Bob King, vice president and director of Competitive Shop/Independents, Parts and Suppliers Department, at the United Auto Workers, addressed the changing labor relations in the auto supplier industry. He stated the union's willingness to adopt flexible work rules and use binding arbitration to sort out disputes. King pointed out that it was very clear to the UAW leadership that it has to change its strategies to adapt to today's global realities. In that context, he endorsed the cooperation with Metaldyne at the former Chrysler parts plant in Indiana. He also pointed to Johnson Controls and its U.S.-based production of batteries as an example of successful cooperation between the UAW and management. However, King emphasized that rising U.S. health care costs, while hampering the competitiveness of individual companies, cannot be adequately addressed in company- or even industry-specific negotiations and called for a broadbased reform of U.S. health care policy.
Stephen Cooney, industry specialist at the Library of Congress's Congressional Research Service, focused on legacy cost issues and compared the current situation in the auto industry to what played out in the steel industry just a few years ago. Employment cutbacks in steel had been more severe than those currently being experienced by the auto sector. The cutbacks exacerbated the steel industry's legacy cost problem. Subsequently, in 2002 and 2003, the steel industry shed its pension and health care liabilities by way of significant corporate restructurings. He attributed the absence of a political solution for the steel industry's woes to the lack of a unified position of the steel industry on how to deal with its legacy cost issues. Cooney cautioned that Congress is currently under no obligation to cover any shortfall by the Pension Benefit Guarantee Corporation, and he noted that the auto suppliers are currently far less visible to Congress than the automakers.
In his keynote address to the conference, Wilbur L. Ross, chairman and CEO of W. L. Ross & Co., said that the U.S. auto supplier industry is in a shambles. Almost half of the 50 largest North American companies lost money last year, at a time when demand for cars and light trucks was near its all-time record. Among the factors that are creating a perfect storm for this industry, Ross cited the continuing loss of market share by the domestic producers. He said he expected the Asian producers to continue to gain market share in the U.S., which will affect domestic suppliers more severely as their business tends to be more strongly affiliated with domestic producers.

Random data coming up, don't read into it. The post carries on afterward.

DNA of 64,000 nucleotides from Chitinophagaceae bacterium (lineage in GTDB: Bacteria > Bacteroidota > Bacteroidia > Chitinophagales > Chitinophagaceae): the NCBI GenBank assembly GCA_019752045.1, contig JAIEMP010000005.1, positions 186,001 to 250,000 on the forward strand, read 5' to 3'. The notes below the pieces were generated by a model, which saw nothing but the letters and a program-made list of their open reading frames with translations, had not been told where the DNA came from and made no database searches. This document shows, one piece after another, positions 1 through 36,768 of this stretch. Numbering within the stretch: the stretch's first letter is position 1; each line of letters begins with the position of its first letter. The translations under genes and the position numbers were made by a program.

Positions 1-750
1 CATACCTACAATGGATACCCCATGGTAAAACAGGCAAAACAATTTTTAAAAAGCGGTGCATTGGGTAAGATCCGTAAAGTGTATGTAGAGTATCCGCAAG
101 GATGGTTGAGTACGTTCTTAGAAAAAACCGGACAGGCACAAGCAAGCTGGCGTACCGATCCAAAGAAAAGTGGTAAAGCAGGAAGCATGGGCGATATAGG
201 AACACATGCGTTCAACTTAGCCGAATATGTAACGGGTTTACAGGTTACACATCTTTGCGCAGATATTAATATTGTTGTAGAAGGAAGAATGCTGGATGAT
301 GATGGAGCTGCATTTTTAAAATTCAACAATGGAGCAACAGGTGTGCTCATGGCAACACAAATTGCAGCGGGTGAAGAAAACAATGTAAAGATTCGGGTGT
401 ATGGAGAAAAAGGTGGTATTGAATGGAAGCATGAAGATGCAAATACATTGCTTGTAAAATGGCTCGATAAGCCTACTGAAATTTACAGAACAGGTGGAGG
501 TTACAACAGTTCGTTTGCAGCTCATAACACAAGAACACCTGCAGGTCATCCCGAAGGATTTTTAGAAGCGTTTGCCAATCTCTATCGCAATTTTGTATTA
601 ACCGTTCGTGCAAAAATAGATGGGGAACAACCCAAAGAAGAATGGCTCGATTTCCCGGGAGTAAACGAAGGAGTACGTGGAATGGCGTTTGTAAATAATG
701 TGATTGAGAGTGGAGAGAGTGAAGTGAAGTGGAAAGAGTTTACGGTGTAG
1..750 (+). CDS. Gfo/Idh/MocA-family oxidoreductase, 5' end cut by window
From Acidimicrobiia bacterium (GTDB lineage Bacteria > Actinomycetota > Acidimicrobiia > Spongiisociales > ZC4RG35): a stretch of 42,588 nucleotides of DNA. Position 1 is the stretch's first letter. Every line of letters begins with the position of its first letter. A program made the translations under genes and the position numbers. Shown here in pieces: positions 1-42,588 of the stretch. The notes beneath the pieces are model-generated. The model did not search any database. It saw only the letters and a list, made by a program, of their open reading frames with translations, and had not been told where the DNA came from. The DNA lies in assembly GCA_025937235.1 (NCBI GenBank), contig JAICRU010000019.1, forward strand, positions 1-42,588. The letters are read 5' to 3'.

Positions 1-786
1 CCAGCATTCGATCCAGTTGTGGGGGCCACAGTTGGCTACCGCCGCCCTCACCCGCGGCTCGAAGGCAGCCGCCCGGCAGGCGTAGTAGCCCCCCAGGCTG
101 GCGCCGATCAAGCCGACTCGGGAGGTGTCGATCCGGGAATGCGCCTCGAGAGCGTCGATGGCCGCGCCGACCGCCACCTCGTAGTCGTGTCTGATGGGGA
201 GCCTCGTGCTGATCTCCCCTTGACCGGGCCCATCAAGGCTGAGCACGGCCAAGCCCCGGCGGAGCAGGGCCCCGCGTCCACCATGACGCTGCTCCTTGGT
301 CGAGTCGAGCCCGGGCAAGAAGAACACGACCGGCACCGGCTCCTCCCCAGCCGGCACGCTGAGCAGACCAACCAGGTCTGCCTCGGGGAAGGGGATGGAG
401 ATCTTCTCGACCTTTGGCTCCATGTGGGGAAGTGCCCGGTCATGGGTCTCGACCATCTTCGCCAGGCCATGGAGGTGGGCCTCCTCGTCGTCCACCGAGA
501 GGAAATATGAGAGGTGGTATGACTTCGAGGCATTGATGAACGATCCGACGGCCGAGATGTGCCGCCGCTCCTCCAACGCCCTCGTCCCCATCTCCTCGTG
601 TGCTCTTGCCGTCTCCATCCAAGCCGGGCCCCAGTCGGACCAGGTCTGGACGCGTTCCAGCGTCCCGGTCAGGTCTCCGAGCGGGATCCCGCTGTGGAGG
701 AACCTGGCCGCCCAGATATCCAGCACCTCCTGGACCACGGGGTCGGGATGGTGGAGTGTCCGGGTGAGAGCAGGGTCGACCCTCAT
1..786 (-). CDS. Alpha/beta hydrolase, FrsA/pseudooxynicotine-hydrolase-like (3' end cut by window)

Ross pointed out that in an environment of shrinking unit volume, it is extremely difficult for a manufacturing business to reduce unit costs. Yet supplier contracts usually call for annual price reductions, even in light of volatile raw material and energy costs, as well as rising health care and pension costs.
At the same time, carmakers have learned from the recent supplier bankruptcies that they are extremely dependent upon the continued solvency of their suppliers. In that context, he suggested the need for a new framework for carmaker- supplier relationships.
Despite this bleak outlook, Ross has invested a considerable amount of money in the auto supplier industry. The basis for his optimism, he said, is the fact that the auto supplier industry is very large, around $200 billion domestically and close to $500 billion globally. Furthermore, he sees opportunities for consolidation as the global industry is currently highly fragmented. And gradual movement toward global platforms among carmakers should provide opportunities for large, well-capitalized suppliers that can deliver consistent design and quality globally.
Materials presented at the conference are available at www.chicagofed.org/news_and_conferences/conferences_and_events/2006_auto.cfm.
Uncertainty about the auto industry's future is foremost on the minds of many in the Midwest. Michigan alone has lost over 22% of its auto industry jobs since 2001.
1 See McKinsey & Co., McKinsey Global Institute, 2005, Increasing Global Competition and Labor Productivity: Lessons from the U.S. Automotive Industry, report, New York, November.
2 For more details on this trend of domestic carmakers catching up with their foreign counterparts' production efficiency, see Harbour Consulting, 2006, The Harbour Report North America 2006, report, Troy, MI.
by Thomas H. Klier, senior economist, and James M. Rubenstein, professor, Miami University of Ohio…